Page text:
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How do you usually write the lyrics of your songs? 

There’s this line in John Green’s The Fault in our Stars: “I fell in love the way you fall asleep: slowly, and then all at once.”

I write lyrics the same way. Slowly, and then all at once.  

  

In your opinion, what is the most important thing in songwriting?

The melody. You can be the most beautiful lyricist to grace our finicky planet and nobody will care if your melody doesn’t land with the same kind of impact. 


Are you ever scared of revealing aspects of your personal life/experience to strangers through your music?

I would only be scared if I wasn’t telling the truth. 

 They’re just words. They’re things. Why shouldn’t I use them, especially if using them means spreading my wings and learning to fly? 

 

What is the best lyric that you ever wrote (the most meaningful for you)?

 “She was one true thing in a miserable crowd.” 

 

What inspired “Pretty Genius,” your latest song?

My darling, yet ruinous ex-boyfriend turned me against myself. Like penning a song, it was slow and then it was all at once. That’s how betrayal hits; quiet, lurking, and then it’s everywhere. 

I’ve always been remarkable when it comes to reading people. I was torn between parents as a high schooler, one of which was charming and evil—so I know a toxic entity when I see one. As I was falling in love, I started noticing that we weren’t just in close proximity to a toxic person, we were surrounded by them. 

I remember saying things here or there, trying to tug the blind fold from his eyes so he could see what I was seeing, but each time, I felt like he added a brick to the space between us, like my truth, inconvenient as it was to the support system he’d built, needed to be hidden away. It was too much, too revealing. 

But that came towards the end. 

In the beginning it was little things. It was being introduced as a girlfriend, rather than a musician. It was being his accessory as he adopted somebody else’s personality, and, therefore, the way they interacted with the ones they loved. It was being angry at myself because I couldn’t just blindly trust the people he called best friends.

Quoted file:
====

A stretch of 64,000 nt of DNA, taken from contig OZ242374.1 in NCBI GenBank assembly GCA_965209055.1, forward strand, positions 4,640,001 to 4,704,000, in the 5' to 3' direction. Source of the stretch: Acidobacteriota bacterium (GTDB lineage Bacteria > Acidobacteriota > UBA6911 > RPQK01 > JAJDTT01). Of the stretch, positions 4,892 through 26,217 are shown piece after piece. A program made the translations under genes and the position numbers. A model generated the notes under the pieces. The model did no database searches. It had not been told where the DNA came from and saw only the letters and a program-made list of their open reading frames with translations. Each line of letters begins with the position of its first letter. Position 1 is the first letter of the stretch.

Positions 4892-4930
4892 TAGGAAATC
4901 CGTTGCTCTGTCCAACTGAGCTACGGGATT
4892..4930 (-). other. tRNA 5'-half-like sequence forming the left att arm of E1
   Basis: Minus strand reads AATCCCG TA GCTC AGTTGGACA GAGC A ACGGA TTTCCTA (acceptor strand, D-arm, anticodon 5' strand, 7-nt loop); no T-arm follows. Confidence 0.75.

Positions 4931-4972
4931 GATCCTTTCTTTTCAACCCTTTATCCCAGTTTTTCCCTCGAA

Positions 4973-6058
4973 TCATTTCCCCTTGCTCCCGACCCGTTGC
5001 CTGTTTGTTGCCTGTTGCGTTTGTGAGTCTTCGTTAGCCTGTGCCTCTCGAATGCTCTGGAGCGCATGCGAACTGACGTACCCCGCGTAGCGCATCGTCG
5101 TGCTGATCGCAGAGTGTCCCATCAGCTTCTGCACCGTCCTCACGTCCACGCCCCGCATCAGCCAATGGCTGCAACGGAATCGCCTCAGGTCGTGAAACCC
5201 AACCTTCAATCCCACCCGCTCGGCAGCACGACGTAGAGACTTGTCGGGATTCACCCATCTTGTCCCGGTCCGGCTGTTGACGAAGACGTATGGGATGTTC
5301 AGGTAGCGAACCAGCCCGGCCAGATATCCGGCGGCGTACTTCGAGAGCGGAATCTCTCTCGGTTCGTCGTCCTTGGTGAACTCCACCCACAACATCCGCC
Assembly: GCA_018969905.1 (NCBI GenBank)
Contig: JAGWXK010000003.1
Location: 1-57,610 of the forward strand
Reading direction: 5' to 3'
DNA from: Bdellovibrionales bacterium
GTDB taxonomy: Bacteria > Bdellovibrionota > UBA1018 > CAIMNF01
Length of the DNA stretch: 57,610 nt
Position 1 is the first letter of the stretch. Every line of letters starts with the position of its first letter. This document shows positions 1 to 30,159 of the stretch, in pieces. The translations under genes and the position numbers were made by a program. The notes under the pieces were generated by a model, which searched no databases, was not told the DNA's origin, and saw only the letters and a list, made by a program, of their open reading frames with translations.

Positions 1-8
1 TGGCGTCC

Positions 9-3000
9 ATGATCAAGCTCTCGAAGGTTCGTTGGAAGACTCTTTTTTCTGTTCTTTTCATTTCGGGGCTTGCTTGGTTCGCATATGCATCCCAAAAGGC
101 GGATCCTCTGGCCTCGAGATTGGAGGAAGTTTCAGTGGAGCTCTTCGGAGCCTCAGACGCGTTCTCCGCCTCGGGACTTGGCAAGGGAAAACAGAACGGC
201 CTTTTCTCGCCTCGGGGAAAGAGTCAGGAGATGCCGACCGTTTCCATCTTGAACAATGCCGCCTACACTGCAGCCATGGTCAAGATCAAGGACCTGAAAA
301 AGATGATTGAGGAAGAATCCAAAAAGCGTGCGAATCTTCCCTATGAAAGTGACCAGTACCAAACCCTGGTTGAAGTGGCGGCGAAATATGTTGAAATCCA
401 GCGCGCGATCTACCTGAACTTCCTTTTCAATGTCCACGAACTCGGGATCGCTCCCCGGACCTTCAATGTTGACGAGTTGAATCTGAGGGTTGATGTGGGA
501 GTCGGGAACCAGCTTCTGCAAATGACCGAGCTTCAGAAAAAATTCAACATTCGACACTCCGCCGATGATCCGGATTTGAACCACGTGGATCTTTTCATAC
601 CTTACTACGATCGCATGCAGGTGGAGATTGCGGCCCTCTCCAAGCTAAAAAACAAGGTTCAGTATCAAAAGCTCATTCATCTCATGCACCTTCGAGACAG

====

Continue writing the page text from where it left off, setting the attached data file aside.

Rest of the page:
As we spoke our last breath together, I felt guilty and self-conscious. I felt like maybe I was the crazy one. The toxic one. Maybe it was all me. 

But as I began my journey from the empty shell I’d become to the character I now call “Pretty Genius,” I found that it really wasn’t about me. It was about them. See, when there is one true thing in a miserable crowd, there is a common enemy. Because the one thing that is true among miserable people is this: truth is a threat. 

And truth is my superpower. 

 

And “My Worst”?

My Worst” was a red moment in my dating history. A fuming, burning flame. I don’t normally let them catch, but this one I did. 

Really, what can I say beyond this: I was fucking pissed. Being led on, it’s a cruelty our icons and poets and essayists will toss onto their office floors in crumpled pieces of paper, frustrated because the drug is there and you want to give into it, but you can’t, and no words can do it justice. 

My Worst” was a sweet release I don’t regret indulging. 

 

Do you remember the day you wrote “King’s Cup”?

I do. I’d flown to LA for two weeks to work with a songwriter and producer out of a West Hollywood home studio. The most poignant memory was how very LA it was. The songwriter was orange almost—I swear he had peck implants and hair plugs. The producer was tall and eager to sink his teeth into anything that smelled like money. I was naïve and a worthy victim. 

I remember the threat I presented: I actually knew what I was doing. I could pen a better song than someone who’d worked with LA’s biggest artists. The shock of that, it’s stayed with me to this day. It was one of the first times I decided to reassess the value I’d placed on myself and tack an extra zero onto it. 

 

Are you currently working on new songs? Maybe a new album?

I’m currently mixing—and devastatingly close to a first draft—the final song from a full-length LP I plan to release January 17th

 

What is the best suggestion your producer gave you?

I produced this music myself, so what I’d like to pass on is this: you can say just as much with your production as you can with your words.

 

What are your plans for the upcoming months?

Be present. I have a really hard time reaching into the future these days. It gets tiring looking at a calendar and seeing plan after plan after plan. I love the namelessness of letting the universe shape time around you, rather than trying to shape it myself.  

 

To conclude the interview a short Q/A session, please answer the first thing that comes to your mind:

  • Define in one word your song “Pretty Genius”: Heroic.
  • The best show you ever played: I haven’t had “the one” yet. Performing… it’s asked me out a few times, but I haven’t yet been on an earth-shattering date.
  • The one thing that you must have in your backstage: At least one of my friends.
  • The soundtrack of your childhood: Goodbye Yellow Brick Road (Remastered / Deluxe Edition).
  • Your favourite song lyrically speaking, but not written by you: “Vienna” – Billy Joel.
  • Last question is “unusual,” we want to know your best relationship advice: If you have to sacrifice your peace for him, he’s not your person.
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